Few companies operate for more than a century, and many falter after they hit the century mark. Retailer Sears, Roebuck & Co. opened its first store in 1892, eventually becoming the largest store chain in the country. Today, it operates less than two dozen stores, which means it has basically disappeared.
On the other hand, some of America’s most famous companies, started in the early 20th Century – or earlier – have survived. Henry Ford started making automobiles in 1903. AT&T began operations in 1885. But the oldest company in the Fortune 500 got its start more than a century earlier – Bank of New York Mellon, which traces its origins to 1784.
Experts on corporate history sometimes debate why some companies succeed and others go out of business. Sears did not evolve into a big-box discount retailer as Walmart did, and with e-commerce becoming a critical part of the retail landscape, Sears did not try to compete with Amazon. Ford might have been destroyed as dozens of other car companies started over the first third of the 20th Century. GM eventually grew larger, but Ford stayed near the top in its industry. (These are America’s oldest car brands.)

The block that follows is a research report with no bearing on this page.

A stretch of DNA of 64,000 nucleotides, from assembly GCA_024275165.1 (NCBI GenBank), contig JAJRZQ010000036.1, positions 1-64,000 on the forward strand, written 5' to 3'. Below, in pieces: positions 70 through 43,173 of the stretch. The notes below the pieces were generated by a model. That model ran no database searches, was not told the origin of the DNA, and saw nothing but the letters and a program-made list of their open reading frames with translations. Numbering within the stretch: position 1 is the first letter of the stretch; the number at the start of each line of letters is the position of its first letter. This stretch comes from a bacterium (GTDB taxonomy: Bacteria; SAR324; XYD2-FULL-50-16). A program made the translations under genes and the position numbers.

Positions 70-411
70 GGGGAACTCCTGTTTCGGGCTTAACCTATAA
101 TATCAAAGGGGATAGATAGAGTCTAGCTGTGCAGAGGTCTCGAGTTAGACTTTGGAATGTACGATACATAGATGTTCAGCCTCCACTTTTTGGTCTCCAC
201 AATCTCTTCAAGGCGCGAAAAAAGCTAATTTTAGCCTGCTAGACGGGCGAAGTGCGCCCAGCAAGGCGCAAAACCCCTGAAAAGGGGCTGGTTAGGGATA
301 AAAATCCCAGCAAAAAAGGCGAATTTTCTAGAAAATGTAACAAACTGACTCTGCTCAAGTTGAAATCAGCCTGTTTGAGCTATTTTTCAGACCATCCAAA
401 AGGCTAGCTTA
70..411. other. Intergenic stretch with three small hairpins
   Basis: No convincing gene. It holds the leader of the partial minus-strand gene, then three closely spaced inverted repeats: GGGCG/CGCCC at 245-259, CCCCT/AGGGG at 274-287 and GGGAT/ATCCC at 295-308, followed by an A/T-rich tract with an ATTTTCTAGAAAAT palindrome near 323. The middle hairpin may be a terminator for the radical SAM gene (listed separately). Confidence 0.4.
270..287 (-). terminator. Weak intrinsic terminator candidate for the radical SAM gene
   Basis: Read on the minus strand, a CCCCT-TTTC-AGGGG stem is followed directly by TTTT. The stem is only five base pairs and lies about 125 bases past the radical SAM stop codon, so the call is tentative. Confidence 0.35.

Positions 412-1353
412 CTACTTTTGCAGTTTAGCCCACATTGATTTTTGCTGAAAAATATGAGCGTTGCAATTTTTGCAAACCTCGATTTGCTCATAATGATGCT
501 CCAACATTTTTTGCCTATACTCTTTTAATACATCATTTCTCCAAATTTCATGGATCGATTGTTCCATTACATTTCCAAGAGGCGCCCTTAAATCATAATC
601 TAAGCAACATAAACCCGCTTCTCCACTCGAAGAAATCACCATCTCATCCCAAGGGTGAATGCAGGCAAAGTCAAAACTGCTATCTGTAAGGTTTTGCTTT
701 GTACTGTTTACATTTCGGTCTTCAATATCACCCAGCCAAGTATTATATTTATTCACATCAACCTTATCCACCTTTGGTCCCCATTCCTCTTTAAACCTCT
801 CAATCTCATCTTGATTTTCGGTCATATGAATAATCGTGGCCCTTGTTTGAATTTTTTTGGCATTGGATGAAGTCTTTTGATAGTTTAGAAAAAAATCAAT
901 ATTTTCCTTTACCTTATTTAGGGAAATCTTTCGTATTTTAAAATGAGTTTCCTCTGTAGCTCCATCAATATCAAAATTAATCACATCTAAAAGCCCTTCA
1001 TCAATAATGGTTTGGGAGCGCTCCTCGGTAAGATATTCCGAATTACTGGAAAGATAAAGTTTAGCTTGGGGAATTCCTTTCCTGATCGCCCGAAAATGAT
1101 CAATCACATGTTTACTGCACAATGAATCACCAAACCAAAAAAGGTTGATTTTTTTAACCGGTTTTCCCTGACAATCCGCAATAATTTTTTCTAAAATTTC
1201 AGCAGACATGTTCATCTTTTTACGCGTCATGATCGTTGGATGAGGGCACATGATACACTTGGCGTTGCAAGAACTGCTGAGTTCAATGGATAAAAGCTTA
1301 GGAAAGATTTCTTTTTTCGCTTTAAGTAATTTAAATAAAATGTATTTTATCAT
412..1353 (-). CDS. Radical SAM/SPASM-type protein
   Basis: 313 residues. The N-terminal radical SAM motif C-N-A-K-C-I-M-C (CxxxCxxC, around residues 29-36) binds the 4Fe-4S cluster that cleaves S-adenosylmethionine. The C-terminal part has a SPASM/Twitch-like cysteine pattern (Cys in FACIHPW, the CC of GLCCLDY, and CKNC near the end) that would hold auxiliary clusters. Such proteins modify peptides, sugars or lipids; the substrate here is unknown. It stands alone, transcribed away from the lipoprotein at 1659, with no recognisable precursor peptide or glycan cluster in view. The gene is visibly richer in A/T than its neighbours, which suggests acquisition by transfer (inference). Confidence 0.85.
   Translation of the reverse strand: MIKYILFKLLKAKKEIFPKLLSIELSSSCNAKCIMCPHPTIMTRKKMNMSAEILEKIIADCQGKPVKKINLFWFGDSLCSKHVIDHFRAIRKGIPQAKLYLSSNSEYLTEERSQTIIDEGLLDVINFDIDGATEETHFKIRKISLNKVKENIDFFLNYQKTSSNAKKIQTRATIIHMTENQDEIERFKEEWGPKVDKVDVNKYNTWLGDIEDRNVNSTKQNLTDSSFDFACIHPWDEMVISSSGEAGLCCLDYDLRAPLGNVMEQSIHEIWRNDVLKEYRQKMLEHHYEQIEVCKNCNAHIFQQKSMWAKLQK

According to a study by management consulting firm McKinsey, the average lifespan of a company on the S&P 500 list of publicly traded enterprises was 61 years in the late 1950s. In 2016, it had fallen to just 18 years. Today, companies are merged, bought out, or simply go belly up at a much faster pace than they used to.
The longevity of companies reported by another index, the Fortune 500 – which compiles the largest 500 U.S. publicly traded and private corporations based on revenue – is comparable, according to Mark Perry, senior fellow of the right-leaning American Enterprise Institute. Perry found that in 2019, only 52 companies have been on the Fortune 500 list since its inception in 1955.
Why only about one in 10 of these companies have lasted for at least 64 years is a matter for academic discussion. One popular explanation is the concept of creative destruction, which says that in order to innovate, we need to dismantle the old. Companies, therefore, cease to exist (at least in their original configurations) when they’re supplanted by companies involved in newer industries and innovations. (These are the 55 oldest continuously sold products in America.)
To determine the oldest company in the Fortune 500, 24/7 Wall St. reviewed data on Fortune’s website, ranking companies based on their founding date. Data on annual revenue and the number of employees also came from Fortune.
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